Robert Young, PhD is in trouble (again) for practicing medicine without a license. The author of “The pH Miracle” was convicted last year of being a fake physician, and was charged with defrauding patients: “Young not only has touted himself as a doctor and a naturopath over the years, but his doctorate in nutrition is from a non-accredited, now-defunct correspondence school, and he does not have a medical degree, according to the BBC.” Far be it from me, a mere mortal, to disagree with the health recommendations of Victoria Beckham, Kate Hudson, Jennifer Aniston, and of course, Gwyneth Paltrow, who all love Young’s diet. But alas, a 27-year-old British woman flew to California and stayed at Young’s ranch, paying him $77,000 before she died three months later. British army captain Naima Houder-Mohammed, diagnosed with recurrent breast cancer, turned in apparent desperation to Young for treatment.
“Dr.” Young recommended to the woman that she be treated at his “pH Miracle Ranch, which has a large area set aside as a “clinic” to treat cancer.” Young equates “cancer” with “acidity”, and has hosted over 80 terminally ill patients at his ranch, treating them with – sigh – IV sodium bicarbonate. These treatments were supplemented with equally efficacious massages and colonics.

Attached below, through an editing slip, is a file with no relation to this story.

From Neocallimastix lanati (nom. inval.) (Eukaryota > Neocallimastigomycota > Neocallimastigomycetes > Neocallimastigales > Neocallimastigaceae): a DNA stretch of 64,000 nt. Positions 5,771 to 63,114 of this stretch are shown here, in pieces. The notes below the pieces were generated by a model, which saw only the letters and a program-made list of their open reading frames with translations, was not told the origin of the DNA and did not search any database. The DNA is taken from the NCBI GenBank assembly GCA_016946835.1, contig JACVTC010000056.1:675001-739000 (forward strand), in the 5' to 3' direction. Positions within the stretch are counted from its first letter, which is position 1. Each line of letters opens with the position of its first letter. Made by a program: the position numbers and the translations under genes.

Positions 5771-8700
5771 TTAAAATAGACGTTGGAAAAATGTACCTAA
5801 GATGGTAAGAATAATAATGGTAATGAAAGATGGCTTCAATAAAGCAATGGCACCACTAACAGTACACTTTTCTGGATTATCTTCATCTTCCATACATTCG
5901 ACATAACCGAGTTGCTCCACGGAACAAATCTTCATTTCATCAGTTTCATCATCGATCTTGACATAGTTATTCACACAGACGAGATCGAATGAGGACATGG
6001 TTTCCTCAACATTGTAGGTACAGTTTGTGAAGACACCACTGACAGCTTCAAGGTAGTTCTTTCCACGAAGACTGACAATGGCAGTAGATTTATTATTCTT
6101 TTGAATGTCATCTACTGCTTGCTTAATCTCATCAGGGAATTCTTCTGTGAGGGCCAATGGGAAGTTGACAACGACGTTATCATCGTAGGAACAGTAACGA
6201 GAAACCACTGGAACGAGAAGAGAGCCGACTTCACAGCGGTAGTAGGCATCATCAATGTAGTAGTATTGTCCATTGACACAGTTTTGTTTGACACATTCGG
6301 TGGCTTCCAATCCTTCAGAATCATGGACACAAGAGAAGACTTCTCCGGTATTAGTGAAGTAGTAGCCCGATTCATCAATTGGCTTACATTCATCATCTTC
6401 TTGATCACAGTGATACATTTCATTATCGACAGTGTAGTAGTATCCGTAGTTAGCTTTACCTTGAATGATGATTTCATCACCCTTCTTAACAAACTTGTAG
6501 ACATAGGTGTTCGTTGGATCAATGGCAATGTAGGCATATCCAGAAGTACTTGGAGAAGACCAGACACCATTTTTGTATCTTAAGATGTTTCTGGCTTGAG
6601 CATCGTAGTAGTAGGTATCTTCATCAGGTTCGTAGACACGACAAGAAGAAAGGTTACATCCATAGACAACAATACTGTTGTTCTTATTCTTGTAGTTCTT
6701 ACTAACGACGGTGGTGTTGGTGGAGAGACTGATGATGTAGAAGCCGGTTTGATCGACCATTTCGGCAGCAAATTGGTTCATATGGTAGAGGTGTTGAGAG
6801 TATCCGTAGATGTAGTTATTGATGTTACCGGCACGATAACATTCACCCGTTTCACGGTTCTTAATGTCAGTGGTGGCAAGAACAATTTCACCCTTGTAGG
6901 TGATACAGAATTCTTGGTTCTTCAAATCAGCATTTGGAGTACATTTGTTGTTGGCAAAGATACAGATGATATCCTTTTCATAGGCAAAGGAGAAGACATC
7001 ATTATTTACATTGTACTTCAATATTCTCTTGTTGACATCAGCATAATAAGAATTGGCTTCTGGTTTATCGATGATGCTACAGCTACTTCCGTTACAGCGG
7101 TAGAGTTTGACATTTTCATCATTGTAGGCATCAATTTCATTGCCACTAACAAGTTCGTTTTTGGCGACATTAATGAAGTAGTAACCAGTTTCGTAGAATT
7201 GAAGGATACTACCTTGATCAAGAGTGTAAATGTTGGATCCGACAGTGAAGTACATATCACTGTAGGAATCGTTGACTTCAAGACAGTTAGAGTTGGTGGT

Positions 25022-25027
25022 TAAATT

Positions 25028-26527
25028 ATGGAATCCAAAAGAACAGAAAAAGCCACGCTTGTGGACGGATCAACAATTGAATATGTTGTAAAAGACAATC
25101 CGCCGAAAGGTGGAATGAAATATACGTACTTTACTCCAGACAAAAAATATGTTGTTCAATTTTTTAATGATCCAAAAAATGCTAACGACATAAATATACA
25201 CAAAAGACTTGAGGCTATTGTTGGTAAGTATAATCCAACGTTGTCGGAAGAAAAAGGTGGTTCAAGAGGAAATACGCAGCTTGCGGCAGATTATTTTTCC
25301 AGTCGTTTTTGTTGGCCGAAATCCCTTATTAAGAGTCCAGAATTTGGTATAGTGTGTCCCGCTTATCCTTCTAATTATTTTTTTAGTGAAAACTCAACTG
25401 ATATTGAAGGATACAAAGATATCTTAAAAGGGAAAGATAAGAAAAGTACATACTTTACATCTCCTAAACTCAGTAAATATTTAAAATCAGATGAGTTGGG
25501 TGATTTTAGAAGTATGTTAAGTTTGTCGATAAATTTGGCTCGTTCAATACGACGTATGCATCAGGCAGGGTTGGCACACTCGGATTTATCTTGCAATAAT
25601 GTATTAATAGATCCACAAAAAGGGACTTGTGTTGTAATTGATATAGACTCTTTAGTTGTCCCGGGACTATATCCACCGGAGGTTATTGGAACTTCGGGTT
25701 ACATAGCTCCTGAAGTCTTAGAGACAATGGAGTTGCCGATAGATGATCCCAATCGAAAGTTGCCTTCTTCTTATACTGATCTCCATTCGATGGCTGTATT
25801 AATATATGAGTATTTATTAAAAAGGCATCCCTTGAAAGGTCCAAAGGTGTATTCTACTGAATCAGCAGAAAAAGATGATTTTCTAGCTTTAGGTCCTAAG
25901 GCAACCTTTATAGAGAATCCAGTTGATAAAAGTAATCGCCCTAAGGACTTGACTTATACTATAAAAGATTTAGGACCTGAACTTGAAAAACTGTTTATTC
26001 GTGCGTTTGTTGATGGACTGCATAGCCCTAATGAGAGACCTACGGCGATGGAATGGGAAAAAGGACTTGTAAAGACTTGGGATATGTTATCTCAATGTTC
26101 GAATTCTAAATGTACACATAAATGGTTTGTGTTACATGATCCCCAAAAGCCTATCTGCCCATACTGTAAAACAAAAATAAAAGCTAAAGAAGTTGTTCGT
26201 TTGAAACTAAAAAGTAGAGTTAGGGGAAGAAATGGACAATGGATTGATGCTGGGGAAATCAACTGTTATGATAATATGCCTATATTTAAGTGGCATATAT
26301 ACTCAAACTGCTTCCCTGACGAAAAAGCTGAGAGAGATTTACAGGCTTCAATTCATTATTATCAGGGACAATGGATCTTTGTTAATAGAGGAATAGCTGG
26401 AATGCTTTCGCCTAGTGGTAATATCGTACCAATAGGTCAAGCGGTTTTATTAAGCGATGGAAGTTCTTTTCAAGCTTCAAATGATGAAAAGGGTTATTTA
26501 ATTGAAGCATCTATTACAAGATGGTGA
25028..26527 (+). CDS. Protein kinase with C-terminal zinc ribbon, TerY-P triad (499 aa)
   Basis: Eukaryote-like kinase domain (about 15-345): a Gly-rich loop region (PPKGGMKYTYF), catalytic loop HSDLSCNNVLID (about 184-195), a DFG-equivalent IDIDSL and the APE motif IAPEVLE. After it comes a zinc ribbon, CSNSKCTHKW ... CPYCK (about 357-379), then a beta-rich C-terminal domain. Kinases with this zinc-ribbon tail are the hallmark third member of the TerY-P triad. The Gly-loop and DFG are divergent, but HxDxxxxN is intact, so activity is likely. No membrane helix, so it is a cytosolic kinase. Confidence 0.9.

Another patient died from congestive heart failure, but not before heroic treatments of 33 intravenous sodium bicarbonate drips at $550 a pop, some administered personally by Young. Be sure to enjoy his website, where you can sign up for, among other things, a “group cleanse.”
More sensible counter-points in defense of alkaline diets emphasize the shift toward a great proportion of fresh fruits and vegetables, and away from more pro-inflammatory, processed foods. The Gracie Diet, developed and promoted by the first family of MMA, is an alkaline diet that has been around for years and is very well thought of by those with the discipline to follow it (and no, they do not make fraudulent health claims). But nutrition, like chemo, NSAID’s, CABG’s, physical therapy, and every other damn thing we do, has its limitations. It is sad that desperate people are exploited by total scumbags, but it will always still fall on the individual to ask whether a treatment makes sense.